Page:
Useful Learning Resources

In addition to the material we cover in class, there are numerous online resources to help a newcomer get to know Python. The following list represents the best-known and best-regarded of the breed. If you are itching for a bit more work on your Python chops, you should try these out.

Visualizing Python Execution

The Online Python Tutor lets you enter Python code, run it and debug it step-by-step, and visualize the symbol table in each scope. An indispensable tool for beginners written by Philip Guo.

Python Language Resources

As a Python programmer, you’ll want to keep a bookmark pointed at the official Python documentation, especially the documentation for the standard library. However, there are a number of additional resources you can (and should) use to help build your Python chops.

For the beginner

  • Interactive Python Textbook:
  • The Python Tutorial: This is the official tutorial from the Python website. No more authoritative source is available.
  • Code Academy: Python Track: Often cited as a great resource, this site offers an entertaining and engaging approach and in-browser work.
  • Learn Python the Hard Way: Solid and gradual. This course offers a great foundation for folks who have never programmed in any language before.
  • Dive Into Python 3: The updated version of a classic. This book offers an introduction to Python aimed at the student who has experience programming in another language.
  • Python for You and Me: Simple and clear. This is a great book for absolute newcomers, or to keep as a quick reference as you get used to the language.
  • Think Python: Methodical and complete. This book offers a very “computer science”-style introduction to Python. It is really an intro to Python in the service of Computer Science, though, so not so while helpful for the absolute newcomer, it isn’t quite as “pythonic” as it might be.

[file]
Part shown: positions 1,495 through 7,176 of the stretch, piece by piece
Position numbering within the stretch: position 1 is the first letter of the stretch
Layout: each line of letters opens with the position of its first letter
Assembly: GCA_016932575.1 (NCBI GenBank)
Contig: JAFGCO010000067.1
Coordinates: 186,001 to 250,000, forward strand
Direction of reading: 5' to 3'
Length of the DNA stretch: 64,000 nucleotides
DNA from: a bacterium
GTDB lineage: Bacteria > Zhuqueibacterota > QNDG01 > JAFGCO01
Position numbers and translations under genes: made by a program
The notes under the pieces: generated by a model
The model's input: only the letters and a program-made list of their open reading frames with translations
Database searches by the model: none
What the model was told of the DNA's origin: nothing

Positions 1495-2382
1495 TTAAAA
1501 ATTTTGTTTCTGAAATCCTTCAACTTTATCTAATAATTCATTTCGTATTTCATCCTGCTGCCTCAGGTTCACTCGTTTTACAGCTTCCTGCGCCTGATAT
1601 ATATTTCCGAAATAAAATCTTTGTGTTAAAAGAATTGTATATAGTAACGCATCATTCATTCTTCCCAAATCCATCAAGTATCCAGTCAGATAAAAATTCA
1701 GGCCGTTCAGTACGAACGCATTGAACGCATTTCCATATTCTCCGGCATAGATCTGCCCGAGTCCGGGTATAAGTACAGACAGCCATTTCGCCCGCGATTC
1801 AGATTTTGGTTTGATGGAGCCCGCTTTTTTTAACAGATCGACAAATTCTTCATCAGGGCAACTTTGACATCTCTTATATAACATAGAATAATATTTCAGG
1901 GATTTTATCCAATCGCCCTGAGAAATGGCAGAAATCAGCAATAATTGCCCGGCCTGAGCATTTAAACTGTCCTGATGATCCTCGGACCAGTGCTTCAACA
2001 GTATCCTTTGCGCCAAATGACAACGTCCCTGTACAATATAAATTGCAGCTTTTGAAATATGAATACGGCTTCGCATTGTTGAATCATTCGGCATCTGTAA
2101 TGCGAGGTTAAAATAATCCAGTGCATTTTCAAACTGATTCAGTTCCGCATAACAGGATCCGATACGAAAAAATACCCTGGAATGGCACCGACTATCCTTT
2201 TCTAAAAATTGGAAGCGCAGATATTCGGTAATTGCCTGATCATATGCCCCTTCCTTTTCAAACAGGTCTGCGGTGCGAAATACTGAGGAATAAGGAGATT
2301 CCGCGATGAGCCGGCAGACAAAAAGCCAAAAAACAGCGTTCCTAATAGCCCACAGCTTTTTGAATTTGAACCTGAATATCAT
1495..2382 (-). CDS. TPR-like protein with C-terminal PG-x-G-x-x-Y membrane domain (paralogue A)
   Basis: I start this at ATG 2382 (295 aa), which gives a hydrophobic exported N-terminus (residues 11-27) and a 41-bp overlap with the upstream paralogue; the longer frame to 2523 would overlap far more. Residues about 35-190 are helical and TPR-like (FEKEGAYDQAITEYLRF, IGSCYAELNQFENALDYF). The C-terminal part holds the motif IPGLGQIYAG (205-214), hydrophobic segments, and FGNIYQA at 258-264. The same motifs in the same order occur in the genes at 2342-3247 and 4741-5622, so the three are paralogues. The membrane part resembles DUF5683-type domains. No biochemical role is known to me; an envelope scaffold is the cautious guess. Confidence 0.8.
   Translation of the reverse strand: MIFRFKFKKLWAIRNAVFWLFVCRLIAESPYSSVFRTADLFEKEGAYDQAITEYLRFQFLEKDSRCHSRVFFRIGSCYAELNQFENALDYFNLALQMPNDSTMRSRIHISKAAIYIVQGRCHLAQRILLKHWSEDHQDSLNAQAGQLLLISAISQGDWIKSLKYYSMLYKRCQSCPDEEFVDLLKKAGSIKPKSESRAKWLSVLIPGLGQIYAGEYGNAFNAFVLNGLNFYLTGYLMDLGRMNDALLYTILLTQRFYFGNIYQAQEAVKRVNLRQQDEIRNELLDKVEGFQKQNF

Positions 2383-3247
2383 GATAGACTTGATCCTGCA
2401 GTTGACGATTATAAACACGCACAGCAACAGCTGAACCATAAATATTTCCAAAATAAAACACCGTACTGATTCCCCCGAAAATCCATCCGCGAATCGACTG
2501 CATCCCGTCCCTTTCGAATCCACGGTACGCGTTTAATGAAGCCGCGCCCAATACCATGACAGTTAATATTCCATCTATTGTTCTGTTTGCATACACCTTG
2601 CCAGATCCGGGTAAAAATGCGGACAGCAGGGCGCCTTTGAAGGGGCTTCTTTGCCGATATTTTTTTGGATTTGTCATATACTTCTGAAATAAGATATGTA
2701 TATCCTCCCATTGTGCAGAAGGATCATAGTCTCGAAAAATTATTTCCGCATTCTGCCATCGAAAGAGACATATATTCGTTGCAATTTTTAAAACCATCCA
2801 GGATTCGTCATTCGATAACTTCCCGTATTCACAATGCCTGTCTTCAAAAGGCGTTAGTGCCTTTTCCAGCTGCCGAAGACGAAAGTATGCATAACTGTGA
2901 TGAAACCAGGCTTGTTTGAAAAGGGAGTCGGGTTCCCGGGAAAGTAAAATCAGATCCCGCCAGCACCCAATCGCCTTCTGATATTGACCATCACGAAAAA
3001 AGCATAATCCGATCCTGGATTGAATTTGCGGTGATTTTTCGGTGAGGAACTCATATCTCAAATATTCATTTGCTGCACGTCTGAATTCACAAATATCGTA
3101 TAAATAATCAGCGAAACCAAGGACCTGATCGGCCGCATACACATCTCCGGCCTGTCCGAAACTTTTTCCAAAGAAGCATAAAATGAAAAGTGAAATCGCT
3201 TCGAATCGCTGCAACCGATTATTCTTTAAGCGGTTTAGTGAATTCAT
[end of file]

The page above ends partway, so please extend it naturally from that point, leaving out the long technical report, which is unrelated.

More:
• Core Python Programming: Only available as a dead trees version, but if you like to have book to hold in your hands anyway, this is the best textbook style introduction out there. It starts from the beginning, but gets into the full language. Published in 2009, but still in print, with updated appendixes available for new language features.

Next Steps

  • New Coder: Advertised as “Five lifejackets to throw to the new coder”, this site offers five very interesting tutorials written in an engaging style. Not an introduction. More a second step.
  • OpenHatch: The Open Hatch project offers a number of workshops with well-paced intermediate tutorials for Python programming. A great place to go once you have the basics down and are ready for more challenging work.

Evaluating Your Options

The blurbs above are short descriptions of the material in each resource. I’ve drawn them both from my own usage of the various tools, and from a wonderful set of online reviews done by Marta Maria Casetti on her blog, “Planning a Dinner”. The poster she presented at PyCon 2014 as a result of that research offers some great hints about the aspects of Python programming best covered by each resource. I would urge any new student of Python to take the time to look over this poster to help determine the best path forward for themselves.

iPython Interpreter Resources

iPython is an enhanced interpreter that makes interactive experimentation at the command line much more pleasant and powerful.